Nick Angelo: "Reality Becomes a Playground"

26 March - 23 April 2022

Sebastian Gladstone is thrilled to announce “Reality Becomes a Playground,” a series of new paintings and models by Los Angeles-based artist Nick Angelo. The exhibition will run from March 26th to April 23rd, 2022 with an opening on Saturday, March 26th from 6-9PM. Presented together for the first time, these new “stage paintings” posit different points of contact for the artist’s personal insecurities related to the contemporary world, while reflecting society’s impositions on the self through free-enterprise, commodification, public policy, and popular culture. 


The paintings very literally create scenes for the viewer to inhabit, however, by keeping the framework visible, Angelo invites the viewer to question the makeup of the image and the facade of our world at large. The works reference television shows, museums, boardrooms, bunkers, and various real-world scenes which the artist has placed Easter-eggs within. The paintings become puzzles for the viewer to dissect, and the revolving motifs lead from one image to another, creating an almost carousel-like rhythm. Within the works, Angelo paints scenes that land between isolation and fantasy. Projected through the imagery are rooms with no occupants where the viewer enters the driver's seat. The scenes propose a civilization in decline, rife with fear, misinformation, confinement, confusion, and exhaustion. We see rooms that are actually staged, then we see the set, the lighting, the cameras; we view the picture ourselves, we become the director, the actor, and the producer–playing with dollhouse props laid down before our arrival. 


While some of the settings are familiar or even immediately recognizable, such as the living room set of the TV show “Friends,” others are more obscured, even sinister. Yet, in all of his work, there is a voyeuristic element obscuring the possibility of a pure viewing experience, tainting it with a brain-tingling intrusion we all are taking part in, like going into a stranger's home and rifling through their drawers. Many of the settings posit places where society breaks down, such as the fantastical bedroom of an incel in Stage Painting (Empowered and Confined, Adulterated), or  where society reorients malignantly, such as an office within a right-wing think tank seen in Stage Painting (MetaNarrative 6, Adulterated). Even with some of these locations existing in real life, all of these scenes are theoretical and rooted in fantasy, like all sets. This allowance given to the viewer creates an openness of dialogue within the paintings that accepts different viewpoints, experiences, and understandings of the pieces within the scenes, inhibiting the proposed outcome of understanding. Although extremely specific references pepper the scene, the paintings are left open for interpretation as a reflection of one’s own dispositions and worldviews, giving everyone their own personal “Truman Show” experience.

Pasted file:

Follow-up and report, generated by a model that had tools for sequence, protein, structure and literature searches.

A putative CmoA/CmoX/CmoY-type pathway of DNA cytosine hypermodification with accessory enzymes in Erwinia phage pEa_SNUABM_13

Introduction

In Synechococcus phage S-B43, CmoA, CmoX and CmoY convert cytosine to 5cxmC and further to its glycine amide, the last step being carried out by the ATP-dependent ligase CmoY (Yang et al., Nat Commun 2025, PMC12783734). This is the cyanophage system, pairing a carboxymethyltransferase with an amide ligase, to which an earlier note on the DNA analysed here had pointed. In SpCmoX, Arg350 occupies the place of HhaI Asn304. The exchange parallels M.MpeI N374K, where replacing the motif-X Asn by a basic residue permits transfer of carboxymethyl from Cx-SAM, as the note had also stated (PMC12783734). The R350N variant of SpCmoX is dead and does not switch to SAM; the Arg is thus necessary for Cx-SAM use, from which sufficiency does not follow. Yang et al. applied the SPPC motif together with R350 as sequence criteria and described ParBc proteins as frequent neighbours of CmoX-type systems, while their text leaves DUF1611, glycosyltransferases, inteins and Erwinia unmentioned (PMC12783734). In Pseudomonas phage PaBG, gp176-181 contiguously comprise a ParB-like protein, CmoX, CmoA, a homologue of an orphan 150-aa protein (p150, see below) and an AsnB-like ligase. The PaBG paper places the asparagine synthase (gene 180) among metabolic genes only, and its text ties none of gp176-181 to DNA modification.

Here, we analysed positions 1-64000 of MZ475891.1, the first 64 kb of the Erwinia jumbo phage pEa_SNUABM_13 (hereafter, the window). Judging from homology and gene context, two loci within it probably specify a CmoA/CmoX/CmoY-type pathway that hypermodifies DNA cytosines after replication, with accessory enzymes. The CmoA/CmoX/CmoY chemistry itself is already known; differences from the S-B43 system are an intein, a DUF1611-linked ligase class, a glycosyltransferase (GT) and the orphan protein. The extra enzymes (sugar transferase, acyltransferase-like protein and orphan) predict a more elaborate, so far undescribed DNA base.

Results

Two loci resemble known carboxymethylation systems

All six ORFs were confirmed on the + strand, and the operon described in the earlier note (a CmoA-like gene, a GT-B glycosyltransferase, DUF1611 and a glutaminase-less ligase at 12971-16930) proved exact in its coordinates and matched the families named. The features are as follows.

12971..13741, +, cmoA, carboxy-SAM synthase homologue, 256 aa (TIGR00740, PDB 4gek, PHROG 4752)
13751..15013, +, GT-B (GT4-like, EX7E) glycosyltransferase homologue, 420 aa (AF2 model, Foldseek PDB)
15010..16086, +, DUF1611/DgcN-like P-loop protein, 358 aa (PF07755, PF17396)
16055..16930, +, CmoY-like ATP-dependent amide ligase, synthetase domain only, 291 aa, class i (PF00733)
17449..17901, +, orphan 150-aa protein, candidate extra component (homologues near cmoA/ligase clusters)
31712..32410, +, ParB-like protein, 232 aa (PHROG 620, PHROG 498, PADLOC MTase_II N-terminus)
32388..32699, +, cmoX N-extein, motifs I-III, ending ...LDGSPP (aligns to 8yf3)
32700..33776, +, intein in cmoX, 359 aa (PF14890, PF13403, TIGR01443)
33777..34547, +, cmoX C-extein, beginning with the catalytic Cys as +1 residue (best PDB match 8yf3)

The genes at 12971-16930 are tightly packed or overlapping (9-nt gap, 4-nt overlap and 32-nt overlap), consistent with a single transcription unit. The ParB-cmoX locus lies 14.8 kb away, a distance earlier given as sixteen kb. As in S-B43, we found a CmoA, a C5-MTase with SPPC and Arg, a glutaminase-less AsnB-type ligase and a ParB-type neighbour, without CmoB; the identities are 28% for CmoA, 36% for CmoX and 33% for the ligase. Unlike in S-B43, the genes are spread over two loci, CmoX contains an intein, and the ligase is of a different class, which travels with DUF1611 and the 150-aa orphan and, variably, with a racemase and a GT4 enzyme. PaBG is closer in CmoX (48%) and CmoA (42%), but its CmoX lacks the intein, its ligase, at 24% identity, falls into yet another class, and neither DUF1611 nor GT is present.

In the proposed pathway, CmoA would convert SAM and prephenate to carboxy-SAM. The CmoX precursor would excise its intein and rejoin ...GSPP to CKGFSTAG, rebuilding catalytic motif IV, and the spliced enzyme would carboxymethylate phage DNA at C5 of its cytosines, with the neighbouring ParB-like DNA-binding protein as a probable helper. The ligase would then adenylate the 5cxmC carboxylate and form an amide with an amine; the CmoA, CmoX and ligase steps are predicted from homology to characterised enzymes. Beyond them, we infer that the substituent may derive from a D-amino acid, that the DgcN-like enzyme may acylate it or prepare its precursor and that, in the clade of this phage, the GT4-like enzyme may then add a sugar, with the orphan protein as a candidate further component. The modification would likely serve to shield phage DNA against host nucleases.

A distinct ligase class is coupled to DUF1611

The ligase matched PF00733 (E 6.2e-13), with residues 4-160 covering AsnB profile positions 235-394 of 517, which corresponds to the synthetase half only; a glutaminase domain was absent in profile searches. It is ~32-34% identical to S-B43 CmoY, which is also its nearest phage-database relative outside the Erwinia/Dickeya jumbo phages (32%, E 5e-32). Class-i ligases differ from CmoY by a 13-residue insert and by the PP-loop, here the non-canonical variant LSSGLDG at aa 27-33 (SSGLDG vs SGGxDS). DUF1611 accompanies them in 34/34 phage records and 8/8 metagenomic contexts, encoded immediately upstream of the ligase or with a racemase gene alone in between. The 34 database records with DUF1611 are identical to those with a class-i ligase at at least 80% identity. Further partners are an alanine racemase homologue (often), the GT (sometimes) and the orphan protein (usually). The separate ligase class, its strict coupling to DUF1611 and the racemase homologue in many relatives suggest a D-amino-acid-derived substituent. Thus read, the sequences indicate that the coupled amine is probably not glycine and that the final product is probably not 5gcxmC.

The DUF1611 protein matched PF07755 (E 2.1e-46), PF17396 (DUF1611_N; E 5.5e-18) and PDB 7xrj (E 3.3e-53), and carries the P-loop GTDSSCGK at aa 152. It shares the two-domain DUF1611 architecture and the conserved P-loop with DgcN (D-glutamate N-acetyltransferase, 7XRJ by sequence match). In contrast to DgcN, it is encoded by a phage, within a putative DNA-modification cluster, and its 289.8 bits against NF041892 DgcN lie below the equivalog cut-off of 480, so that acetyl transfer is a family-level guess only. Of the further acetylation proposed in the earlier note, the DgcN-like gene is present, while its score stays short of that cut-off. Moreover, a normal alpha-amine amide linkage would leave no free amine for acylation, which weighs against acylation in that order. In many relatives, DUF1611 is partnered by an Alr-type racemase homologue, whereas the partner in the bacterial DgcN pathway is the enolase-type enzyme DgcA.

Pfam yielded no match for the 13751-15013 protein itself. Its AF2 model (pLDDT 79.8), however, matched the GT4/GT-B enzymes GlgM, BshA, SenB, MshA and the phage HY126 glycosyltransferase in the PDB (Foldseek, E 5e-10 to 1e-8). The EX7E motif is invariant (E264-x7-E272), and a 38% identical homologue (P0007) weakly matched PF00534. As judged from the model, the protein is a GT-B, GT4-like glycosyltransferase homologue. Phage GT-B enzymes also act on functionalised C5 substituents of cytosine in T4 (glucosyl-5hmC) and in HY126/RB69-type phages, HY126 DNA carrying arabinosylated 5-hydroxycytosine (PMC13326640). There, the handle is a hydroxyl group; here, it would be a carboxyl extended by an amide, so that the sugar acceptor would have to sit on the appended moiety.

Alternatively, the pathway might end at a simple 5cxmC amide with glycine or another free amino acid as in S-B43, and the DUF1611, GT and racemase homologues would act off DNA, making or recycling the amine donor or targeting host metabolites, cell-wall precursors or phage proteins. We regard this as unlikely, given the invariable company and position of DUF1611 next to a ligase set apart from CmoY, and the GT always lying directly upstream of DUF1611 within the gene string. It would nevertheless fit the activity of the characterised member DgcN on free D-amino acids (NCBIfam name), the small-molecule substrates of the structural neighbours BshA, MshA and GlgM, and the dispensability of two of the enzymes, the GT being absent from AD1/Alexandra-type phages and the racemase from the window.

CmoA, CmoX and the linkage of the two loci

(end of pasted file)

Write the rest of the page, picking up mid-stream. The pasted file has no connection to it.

Throughout the work, Angelo offers examples of where artists may stand within this framework, using Mike Kelley, Julie Becker, and David Wojnarowicz as primary examples. These three artists, who shared issues with mental health, addiction, physical health, or all at once, are referenced through images of their work that recur throughout Angelo’s paintings. Kelley and Becker are incorporated as artists who have greatly influenced the artist’s practice and who Angelo regards as aesthetically and canonically free in their expression yet paradoxically confined and constricted by personal issues. Clues throughout the paintings pay homage, inspect, and speak with the work of Angelo’s predecessors. 

Taken a step further, two of the paintings have been developed into three-dimensional miniature models with the goal of creating a further disorientation between fantasy and reality. These models allow the viewer to inspect multiple viewpoints of the same scene, giving complete control of viewership, but withholding autonomy from the subject matter. An experience comparable to playing The Sims while the computer screen is frozen, or the famous propaganda scene in “A Clockwork Orange,” the ominous feeling of seeing but not being able to adjust what is happening climaxes in the back and forth meta-narrative of the models of the paintings, which are models of a thing, of a simulation of a thing–it is an infinite wormhole of the artist's mind, and our own projections therein.


Installation Views